Monster Beverage Lawsuit: Parents Blame Energy Drink For Daughter’s Death

The parents of a 14-year-old girl who passed away in December have filed a lawsuit against Monster Beverage Corp. claiming that its drink, Monster Energy, contributed to their daughter’s death.

The lawsuit claims that 14-year-old Anais Fournier went into cardiac arrest after drinking Monster Energy drinks on two consecutive days.

The girl’s mother, Wendy Crossland, also dug up the records of five other deaths supposedly related to Monster Energy. Crossland obtained the records under the Freedom of Information Act and sent them to the FDA.

Crossland filed a lawsuit last week against Monster Beverage saying that the company was responsible for her daughter’s death since they did not warn customers about the possible dangers of the drink.

A spokesman for Monster said: “(Monster is) unaware of any fatality anywhere that has been caused by its drinks.”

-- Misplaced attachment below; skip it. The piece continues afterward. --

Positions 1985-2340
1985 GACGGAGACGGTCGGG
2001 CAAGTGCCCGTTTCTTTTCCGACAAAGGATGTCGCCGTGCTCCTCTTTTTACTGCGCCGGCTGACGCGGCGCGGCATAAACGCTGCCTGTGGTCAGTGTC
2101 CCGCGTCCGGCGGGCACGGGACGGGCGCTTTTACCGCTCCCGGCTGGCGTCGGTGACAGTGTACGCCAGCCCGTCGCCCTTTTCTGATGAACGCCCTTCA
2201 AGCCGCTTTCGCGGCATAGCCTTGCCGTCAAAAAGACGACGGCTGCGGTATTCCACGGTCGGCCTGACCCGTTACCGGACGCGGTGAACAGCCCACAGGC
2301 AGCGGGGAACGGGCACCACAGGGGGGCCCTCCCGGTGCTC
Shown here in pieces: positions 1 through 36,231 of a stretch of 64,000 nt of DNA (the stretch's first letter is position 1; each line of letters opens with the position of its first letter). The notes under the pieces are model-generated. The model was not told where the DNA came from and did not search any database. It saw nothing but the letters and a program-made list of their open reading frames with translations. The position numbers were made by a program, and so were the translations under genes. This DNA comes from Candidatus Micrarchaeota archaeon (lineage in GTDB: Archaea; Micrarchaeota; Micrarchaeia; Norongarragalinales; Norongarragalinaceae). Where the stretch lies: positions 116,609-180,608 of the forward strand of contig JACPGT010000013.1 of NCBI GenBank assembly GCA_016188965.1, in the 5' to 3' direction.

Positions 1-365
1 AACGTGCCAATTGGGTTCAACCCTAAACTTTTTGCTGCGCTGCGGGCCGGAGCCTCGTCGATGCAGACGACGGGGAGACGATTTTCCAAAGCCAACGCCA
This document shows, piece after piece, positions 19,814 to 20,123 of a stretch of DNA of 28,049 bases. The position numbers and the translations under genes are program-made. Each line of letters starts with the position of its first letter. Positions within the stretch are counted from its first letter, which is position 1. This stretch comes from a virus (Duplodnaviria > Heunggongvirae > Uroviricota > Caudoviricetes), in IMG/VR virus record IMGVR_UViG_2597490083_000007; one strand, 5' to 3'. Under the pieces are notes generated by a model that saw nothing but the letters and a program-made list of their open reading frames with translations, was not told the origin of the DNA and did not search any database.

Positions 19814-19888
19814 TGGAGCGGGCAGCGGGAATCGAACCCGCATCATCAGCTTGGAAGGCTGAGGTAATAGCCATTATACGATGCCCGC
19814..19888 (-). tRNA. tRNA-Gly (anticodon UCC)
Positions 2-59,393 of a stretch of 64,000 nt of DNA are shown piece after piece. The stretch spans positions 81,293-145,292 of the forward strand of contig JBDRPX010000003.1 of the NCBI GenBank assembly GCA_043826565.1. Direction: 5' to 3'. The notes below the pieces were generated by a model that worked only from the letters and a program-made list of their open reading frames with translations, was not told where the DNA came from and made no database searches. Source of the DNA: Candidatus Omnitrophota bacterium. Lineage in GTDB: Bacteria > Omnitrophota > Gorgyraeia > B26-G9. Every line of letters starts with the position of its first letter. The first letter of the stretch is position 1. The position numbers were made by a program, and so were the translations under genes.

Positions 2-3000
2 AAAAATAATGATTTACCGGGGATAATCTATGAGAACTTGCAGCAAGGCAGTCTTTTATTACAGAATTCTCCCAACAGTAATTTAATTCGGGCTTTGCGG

According to the NY Times, the five cases reported by Crossland to the FDA do not directly link Monster Energy drinks to fatalities or health problems. It is also unclear if the cases reported involved other factors like alcohol or drugs.

FDA spokeswoman Shelly Burgess said that the agency was investigating the deaths allegedly caused by Monster Energy but said that the agency had not found a direct link.

Burgess told the SF Gate: “FDA continues to evaluate the emerging science on a variety of ingredients, including caffeine.”

A 20-ounce can of Monster Energy contains about 240 milligrams of caffeine. A cup of coffee typically contains around 100 milligrams of caffeine. According to the Associated Press, Fournier died from “cardiac arrhythmia due to caffeine toxicity.” The AP notes that the girl also suffered from a heart condition.

Do you think Monster Energy is safe? Should their be stricter regulations on highly caffeinated drinks?